Google Messages just got a huge upgrade to rival Apple’s iMessage

Google Messages logo on phone screen.
(Image credit: sdx15 | Shutterstock)

Google has just announced that the Google Messages app, which is the default text messaging service on lots of the best Android phones, is now fully encrypted. Or at least it is when you’re texting via RCS, and that pushes the service one step closer to being the official Android equivalent to Apple’s iMessage.

The best part is that RCS will now be enabled by default for all new and existing Google Messages users. So this boost in security requires absolutely no additional effort on your part. You can turn off RCS messaging in settings if you really want to, but there are few benefits to doing that.

RCS is the closest thing non-Apple phones have to Apple’s iMessage pre-installed on their phones. The idea being that you’re sending messages over the internet, rather than the traditional cell signal, which gives you a bunch of extra options. Like the ability to send images, videos, files and all the other things that SMS and MMS either can’t do, or only do half-heartedly.

It also means your messages can be end-to-end encrypted, protecting the contents from any prying eyes — be it Google, your carrier, governments or more run-of-the-mill bad actors. SMS doesn’t support any of that, and whatever you send is exposed to anyone that knows how to intercept it.

Google has also announced that group chats are now encrypted by default as well, which means the contents of those conversations are firmly between you and the other members. 

It’s worth remembering that there are a lot of phones out there that still don’t support RCS, and Google Messages will default to SMS when you’re texting them. iPhones are the most prominent example, with Apple straight-up refusing to adopt RCS — despite the benefits it could have in letting Android and iPhone users communicate. However, when asked about such situations, Apple CEO Tim Cook’s response was to buy an iPhone.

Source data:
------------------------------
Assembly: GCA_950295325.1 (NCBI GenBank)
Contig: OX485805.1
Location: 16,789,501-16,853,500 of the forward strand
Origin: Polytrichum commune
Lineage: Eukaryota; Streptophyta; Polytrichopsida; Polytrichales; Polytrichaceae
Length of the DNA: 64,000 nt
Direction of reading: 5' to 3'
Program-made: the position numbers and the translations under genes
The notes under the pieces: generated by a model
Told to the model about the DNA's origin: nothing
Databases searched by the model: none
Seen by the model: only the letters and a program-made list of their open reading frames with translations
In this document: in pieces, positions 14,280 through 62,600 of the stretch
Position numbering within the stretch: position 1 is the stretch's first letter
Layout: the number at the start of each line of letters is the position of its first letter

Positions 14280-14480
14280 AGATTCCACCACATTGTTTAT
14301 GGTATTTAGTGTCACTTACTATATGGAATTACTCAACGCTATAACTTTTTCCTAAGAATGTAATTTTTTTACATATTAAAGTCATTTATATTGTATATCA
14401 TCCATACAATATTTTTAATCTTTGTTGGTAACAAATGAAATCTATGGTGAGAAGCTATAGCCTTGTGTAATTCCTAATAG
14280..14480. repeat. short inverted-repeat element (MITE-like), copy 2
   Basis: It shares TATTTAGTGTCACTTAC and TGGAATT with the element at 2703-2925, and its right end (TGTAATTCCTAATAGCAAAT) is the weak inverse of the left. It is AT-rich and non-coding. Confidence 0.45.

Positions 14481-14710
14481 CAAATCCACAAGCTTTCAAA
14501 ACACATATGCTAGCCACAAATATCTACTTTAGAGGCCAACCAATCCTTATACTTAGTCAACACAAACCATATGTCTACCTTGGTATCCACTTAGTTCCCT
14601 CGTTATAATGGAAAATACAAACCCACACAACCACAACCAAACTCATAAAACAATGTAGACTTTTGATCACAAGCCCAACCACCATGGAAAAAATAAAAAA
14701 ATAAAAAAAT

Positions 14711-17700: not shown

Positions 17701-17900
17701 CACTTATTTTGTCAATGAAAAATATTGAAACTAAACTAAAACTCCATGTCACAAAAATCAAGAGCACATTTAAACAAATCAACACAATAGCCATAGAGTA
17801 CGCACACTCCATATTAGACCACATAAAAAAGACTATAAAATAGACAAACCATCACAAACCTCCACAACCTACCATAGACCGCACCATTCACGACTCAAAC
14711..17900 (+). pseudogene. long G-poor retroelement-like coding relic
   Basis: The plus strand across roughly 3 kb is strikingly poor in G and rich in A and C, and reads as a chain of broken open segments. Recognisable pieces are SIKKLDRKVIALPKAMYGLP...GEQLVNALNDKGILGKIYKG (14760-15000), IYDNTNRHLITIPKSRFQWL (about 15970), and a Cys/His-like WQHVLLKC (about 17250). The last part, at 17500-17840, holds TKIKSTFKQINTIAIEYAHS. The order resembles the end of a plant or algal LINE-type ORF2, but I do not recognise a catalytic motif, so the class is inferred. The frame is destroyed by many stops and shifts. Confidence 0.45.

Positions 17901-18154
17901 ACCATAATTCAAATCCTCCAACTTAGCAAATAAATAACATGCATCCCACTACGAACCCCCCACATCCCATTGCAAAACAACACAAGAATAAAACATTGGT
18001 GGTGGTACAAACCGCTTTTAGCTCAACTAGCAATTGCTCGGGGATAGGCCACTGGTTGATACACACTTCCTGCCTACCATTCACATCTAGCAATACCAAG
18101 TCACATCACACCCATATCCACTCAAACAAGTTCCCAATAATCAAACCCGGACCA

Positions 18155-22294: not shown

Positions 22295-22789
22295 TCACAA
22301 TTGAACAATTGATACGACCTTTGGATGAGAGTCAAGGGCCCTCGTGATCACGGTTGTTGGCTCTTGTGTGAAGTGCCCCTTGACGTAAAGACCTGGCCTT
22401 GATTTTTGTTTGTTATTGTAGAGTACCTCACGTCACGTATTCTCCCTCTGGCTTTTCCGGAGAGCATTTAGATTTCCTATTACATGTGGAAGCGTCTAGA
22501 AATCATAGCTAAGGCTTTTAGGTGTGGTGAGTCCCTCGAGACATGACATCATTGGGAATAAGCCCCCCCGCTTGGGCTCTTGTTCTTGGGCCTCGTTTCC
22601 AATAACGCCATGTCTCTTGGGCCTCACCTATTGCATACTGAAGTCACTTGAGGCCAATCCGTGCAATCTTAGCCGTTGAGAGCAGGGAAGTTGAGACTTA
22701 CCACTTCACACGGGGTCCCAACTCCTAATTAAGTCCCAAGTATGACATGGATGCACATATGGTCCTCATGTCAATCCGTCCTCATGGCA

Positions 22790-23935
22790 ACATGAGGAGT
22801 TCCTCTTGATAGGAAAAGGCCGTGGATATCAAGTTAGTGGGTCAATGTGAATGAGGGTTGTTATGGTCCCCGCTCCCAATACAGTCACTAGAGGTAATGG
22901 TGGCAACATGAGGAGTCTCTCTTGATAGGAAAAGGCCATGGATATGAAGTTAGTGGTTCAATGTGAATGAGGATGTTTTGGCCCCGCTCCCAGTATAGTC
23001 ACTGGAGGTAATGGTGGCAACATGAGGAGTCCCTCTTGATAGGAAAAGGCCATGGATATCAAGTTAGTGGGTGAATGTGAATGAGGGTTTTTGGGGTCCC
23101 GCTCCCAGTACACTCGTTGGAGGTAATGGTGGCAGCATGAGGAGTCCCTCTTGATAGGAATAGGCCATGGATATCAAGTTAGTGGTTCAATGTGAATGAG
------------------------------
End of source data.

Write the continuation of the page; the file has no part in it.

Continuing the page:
iPhones aren’t the only devices that don’t support RCS, but they are the most numerous. So if you want to talk to those people securely you’ll need to use a third-party service like WhatsApp or one of the best encrypted messaging apps.

But if you’re talking to other Android phones via Google Messages, you can now be safe in the knowledge that your messages are as secure as they can be. 

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Tom Pritchard
UK Phones Editor

Tom is the Tom's Guide's UK Phones Editor, tackling the latest smartphone news and vocally expressing his opinions about upcoming features or changes. It's long way from his days as editor of Gizmodo UK, when pretty much everything was on the table. He’s usually found trying to squeeze another giant Lego set onto the shelf, draining very large cups of coffee, or complaining about how terrible his Smart TV is.